In a new report released April 14, anti-poverty group Oxfam outlines how corporate tax dodging costs the U.S. an estimated $100 billion each year, a gap that the average American taxpayer would have to shell out an extra $760 to cover. Oxfam called on the U.S. Congress to urgently pass legislation to break the rigged system that allows this to happen.
On the heels of the Panama Papers scandal revealing a secret multi-billion dollar trail to the tax havens where corporations and the wealthy stash their fortunes, Oxfam’s new report, “Broken at the Top,” shows how large US companies use tax havens, offshore holdings and other tricks to dodge their taxes.
The report reveals that the same companies are among the largest beneficiaries of U.S. taxpayer funded support, receiving a staggering $11 trillion in federal loans, loan guarantees and bailout assistance from 2008-2014 even as they avoided hundreds of billions of dollars in taxes over the same period. Oxfam calculated that during this period, these 50 companies collectively received approximately $27 in loan support for every $1 they paid in federal taxes.
“As Americans rush to finalize tax returns, multinational corporations that benefit from trillions in taxpayer-funded support are dodging billions in taxes,” said Raymond C. Offenheiser, President of Oxfam America. “The vast sums large companies stash in tax havens should be fighting poverty and rebuilding America’s infrastructure, not hidden offshore in Panama, Bahamas, or the Cayman Islands.”
According to Oxfam, the largest and most profitable companies use offshore tax havens and other aggressive and secretive schemes to stash profits and dramatically lower their corporate tax rates in the United States and developing countries alike. The companies, which made nearly $4 trillion in profits globally between 2008 and 2014, paid an average effective tax rate of just 26.5 per cent, below the statutory U.S. tax rate of 35 per cent and well below the tax rate of an average U.S. worker, who pays 31.5 per cent.
“For every $1 spent on lobbying, the largest 50 companies received $130 in tax breaks and more than $4,000 in federal loans, loan guarantees and bailouts,” continued Offenheiser. “Multinational corporations use the rigged system to benefit themselves, leaving the rest of us paying our nation’s bills.”
“It is truly unfair to the thousands of American small business owners who work hard and play by the rules that multinational companies use offshore tax havens to avoid paying their fair share for the critical public infrastructure programs that strengthen the US economy,” said Morris Pearl, former managing director at BlackRock and Chair of Patriotic Millionaires, a group of 200 high-net-worth Americans who are committed to building a more prosperous, stable, and inclusive nation.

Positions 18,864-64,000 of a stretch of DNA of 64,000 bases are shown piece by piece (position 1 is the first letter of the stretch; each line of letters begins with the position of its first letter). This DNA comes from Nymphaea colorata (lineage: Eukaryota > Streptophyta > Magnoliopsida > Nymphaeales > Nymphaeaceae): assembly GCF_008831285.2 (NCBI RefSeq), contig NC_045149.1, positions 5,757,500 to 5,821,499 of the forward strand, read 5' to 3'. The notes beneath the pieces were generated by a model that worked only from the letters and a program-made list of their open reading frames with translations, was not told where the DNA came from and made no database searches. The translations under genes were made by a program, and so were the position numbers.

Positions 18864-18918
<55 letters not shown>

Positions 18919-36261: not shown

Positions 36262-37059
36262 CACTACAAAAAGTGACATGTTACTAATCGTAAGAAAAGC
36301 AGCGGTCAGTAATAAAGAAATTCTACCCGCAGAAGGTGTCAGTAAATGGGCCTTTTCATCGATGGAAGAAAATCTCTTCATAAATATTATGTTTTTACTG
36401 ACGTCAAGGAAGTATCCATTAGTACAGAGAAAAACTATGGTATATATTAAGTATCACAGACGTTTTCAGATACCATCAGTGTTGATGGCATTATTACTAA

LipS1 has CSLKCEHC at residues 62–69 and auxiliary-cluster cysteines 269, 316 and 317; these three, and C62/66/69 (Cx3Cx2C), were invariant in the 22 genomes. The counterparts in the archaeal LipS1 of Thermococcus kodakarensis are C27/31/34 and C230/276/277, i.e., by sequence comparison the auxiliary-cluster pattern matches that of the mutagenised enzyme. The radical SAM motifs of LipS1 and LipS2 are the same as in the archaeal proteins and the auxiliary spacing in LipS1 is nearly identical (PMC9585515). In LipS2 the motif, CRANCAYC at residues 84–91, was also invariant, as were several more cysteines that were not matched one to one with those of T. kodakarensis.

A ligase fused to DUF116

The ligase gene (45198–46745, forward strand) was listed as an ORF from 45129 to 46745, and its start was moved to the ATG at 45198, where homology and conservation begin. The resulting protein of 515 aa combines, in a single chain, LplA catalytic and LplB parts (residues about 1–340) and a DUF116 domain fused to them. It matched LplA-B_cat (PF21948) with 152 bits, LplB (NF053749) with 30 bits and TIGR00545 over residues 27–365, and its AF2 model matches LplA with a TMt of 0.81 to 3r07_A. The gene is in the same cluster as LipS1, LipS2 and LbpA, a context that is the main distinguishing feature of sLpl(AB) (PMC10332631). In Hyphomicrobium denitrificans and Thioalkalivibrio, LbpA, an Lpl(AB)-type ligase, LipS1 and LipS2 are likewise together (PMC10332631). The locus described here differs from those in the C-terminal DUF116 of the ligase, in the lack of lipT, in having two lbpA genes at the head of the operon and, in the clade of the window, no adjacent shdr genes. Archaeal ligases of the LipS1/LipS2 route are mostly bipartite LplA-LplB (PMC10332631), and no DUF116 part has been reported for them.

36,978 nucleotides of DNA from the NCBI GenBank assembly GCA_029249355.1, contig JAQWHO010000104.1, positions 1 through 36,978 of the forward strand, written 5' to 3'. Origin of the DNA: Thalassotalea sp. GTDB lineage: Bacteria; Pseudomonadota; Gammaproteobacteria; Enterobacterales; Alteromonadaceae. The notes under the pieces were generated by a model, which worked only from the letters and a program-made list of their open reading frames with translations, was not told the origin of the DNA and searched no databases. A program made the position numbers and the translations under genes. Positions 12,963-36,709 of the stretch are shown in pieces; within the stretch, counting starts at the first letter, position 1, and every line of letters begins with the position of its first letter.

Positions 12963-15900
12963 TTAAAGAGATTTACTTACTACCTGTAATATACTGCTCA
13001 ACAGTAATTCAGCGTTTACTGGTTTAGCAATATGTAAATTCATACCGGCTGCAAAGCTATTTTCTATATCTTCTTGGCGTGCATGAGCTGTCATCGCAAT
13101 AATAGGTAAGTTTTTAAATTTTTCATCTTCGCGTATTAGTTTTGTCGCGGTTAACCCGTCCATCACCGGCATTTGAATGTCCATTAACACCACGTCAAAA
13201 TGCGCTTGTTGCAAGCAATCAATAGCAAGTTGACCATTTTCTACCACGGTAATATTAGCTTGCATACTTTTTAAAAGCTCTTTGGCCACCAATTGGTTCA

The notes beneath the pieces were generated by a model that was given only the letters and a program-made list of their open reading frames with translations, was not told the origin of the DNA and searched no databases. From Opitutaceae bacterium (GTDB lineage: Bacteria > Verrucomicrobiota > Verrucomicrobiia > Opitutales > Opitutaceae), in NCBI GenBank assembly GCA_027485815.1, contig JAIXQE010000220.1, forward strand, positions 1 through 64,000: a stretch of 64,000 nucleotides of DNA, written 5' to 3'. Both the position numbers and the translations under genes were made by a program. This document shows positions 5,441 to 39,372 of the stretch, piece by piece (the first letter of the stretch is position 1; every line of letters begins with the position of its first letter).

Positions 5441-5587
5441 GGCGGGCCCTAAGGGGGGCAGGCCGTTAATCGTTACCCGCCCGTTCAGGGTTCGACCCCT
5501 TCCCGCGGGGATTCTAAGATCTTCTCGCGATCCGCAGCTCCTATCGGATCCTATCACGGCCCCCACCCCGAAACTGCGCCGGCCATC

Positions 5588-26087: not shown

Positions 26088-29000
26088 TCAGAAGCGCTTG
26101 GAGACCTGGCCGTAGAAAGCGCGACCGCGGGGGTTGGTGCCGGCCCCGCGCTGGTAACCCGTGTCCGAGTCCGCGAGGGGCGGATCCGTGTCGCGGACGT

The same tricks and tools used by multinationals to dodge U.S. taxes sap another estimated $100 billion every year from poor countries, preventing them from making crucial investments in education, healthcare and infrastructure that could help lift their societies out of poverty. Oxfam estimates that $100 billion could provide safe water and sanitation to more than two billion people who currently go without.
The Oxfam report analyzed the tax practices of the 50 largest public companies in the U.S. according to the Forbes 2000 list: Alphabet (Google), American Express, American International Group (AIG), Amgen, Apple, AT&T, Bank of America, Berkshire Hathaway, Boeing, Capital One Financial, Caterpillar, Chevron, Cisco Systems, Citigroup, Coca-Cola, Comcast, ConocoPhillips, CVS Health, Dow Chemical, Exxon Mobil, Ford Motor, General Electric, General Motors, Goldman Sachs, Hewlett-Packard, Home Depot, Honeywell International, IBM, Intel, Johnson & Johnson, JPMorgan Chase, Merck, MetLife, Microsoft, Morgan Stanley, Oracle, PepsiCo, Pfizer, Phillips 66, Procter & Gamble, Prudential Financial, Qualcomm, Twenty-First Century Fox, Inc., United Technologies, UnitedHealth Group, US Bancorp, Verizon Communications, Wal-Mart Stores, Walt Disney, and Wells Fargo.